What Whales Look Like From the Sky: 11 Incredible Aerial Photos
Everyone knows what whales look like, but very few people have seen them from the air! If you’re lucky, you’ll have the chance to hop on a whale watching boat and see them up close and personal. But seeing them from a research plane? Good luck. Or a satellite? Fat chance. These incredible photographs will give you a whole new perspective on these amazing creatures!
Southern Right Whales
To scientists, these gentle giants are known as Eubalaena glacialis, meaning "True whale of the ice." Southern right whales spend their summers feeding in the waters around Antarctica. They migrate north in the winter to breed and can be seen off the coasts of Argentina, Chile, Brazil, Mozambique, South Africa and New Zealand. There are an estimated 7,000 southern right whales left in the world―an impressive fact considering they were nearly hunted to extinction in the most active years of the whaling industry. Even their name reflects their painful past: They’re known as “right whales” because they were the “right” whales to hunt, as they float when killed and are so friendly that they often swim right up to boats.
Antarctic Killer Whales
Killer whales are found in every ocean of the world, but the Antarctic population is by far the largest. There are three types in that region: ones who live offshore in ice-free water, ones who inhabit inshore waters near pack ice, and ones who inhabit inshore waters and pack ice.
Albino Humpback Whale
This albino (or hypo-pigmented, to be politically correct) humpback was given the name “Migaloo,” which means “White Fella” in the language of indigenous Australians. Migaloo spends his time along the east coast of Australia and is the only all-white humpback whale in the world. Despite his fame, he doesn’t have the easiest life. Due his lack of sun protection, recent photos show he may have skin cancer and/or skin cysts.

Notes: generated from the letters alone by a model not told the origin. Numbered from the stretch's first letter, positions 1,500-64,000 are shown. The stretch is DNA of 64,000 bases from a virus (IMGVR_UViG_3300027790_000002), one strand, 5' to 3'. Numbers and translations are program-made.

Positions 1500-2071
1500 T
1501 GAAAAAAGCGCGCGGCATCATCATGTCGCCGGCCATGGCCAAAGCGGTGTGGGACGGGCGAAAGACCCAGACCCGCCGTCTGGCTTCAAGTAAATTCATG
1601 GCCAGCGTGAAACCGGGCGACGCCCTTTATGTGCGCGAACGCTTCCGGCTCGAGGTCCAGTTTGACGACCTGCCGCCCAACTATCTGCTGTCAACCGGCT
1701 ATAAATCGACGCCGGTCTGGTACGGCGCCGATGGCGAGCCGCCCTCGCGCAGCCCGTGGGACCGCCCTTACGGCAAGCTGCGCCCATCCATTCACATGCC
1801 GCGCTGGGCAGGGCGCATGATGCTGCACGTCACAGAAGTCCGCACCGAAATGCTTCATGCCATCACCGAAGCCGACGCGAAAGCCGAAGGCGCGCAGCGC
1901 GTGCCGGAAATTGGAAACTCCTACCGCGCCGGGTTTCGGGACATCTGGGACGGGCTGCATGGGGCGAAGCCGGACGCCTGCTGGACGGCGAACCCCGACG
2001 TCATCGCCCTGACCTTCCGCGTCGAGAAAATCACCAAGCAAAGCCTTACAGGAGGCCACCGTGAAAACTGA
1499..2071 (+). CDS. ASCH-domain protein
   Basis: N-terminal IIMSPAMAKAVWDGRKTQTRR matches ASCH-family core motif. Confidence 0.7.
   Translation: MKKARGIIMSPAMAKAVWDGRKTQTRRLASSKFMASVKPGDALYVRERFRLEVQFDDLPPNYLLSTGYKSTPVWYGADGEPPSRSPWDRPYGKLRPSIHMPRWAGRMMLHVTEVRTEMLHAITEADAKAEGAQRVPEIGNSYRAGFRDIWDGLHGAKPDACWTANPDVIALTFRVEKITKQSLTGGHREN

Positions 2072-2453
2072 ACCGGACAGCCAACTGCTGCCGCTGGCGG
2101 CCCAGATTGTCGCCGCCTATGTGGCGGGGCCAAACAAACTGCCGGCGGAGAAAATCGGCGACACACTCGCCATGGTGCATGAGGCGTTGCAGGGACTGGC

It’s hard to tell from these photos, but these blue whales are around 30 metres (98 feet) long! The first one was photographed in California’s Channel Islands, where groups of around 60 have been spotted. That’s really unusual, since there are only 1,300 to 2,000 left in the world! They were once considered too large to hunt, but when factory ships and harpoon guns were introduced in the 1920s, blue whales were almost hunted to extinction.
Sperm whales are found in every ocean, but they prefer ice-free water that is over 1000 metres deep. The feed on squid and fish and can dive up to 3 kilometres for a meal, which makes them the deepest diving mammal in the world. Another fun fact: Their heads make up ⅓ of their body length. Cute!
Humpbacks Bubble Net Feeding
Humpbacks have many clever feeding techniques, including using bubbles to catch food. During bubble net feeding, a group of whales swims smaller and smaller circles around a school of prey and blows bubbles to confine them. If the humpbacks all cooperate, the “bubble net” can be as big as 30 metres (98 ft) in diameter! Once it’s complete, the whales swim up through the net and swallow thousands of fish in one hungry gulp.
Beluga Whale Pods
Due to their pretty white colour, belugas are one of the most familiar and easily recognizable whales in the world. As these photos show, they're incredibly social creatures that live together in groups called pods. They have a complicated vocal language and can even imitate sounds! Belugas whales are most commonly found in coastal Arctic waters, but they’re also found in subarctic regions.
Humpbacks from Space!
This incredible image was taken from a satellite! These have been identified as two humpback whales in Australia's Coral Sea.
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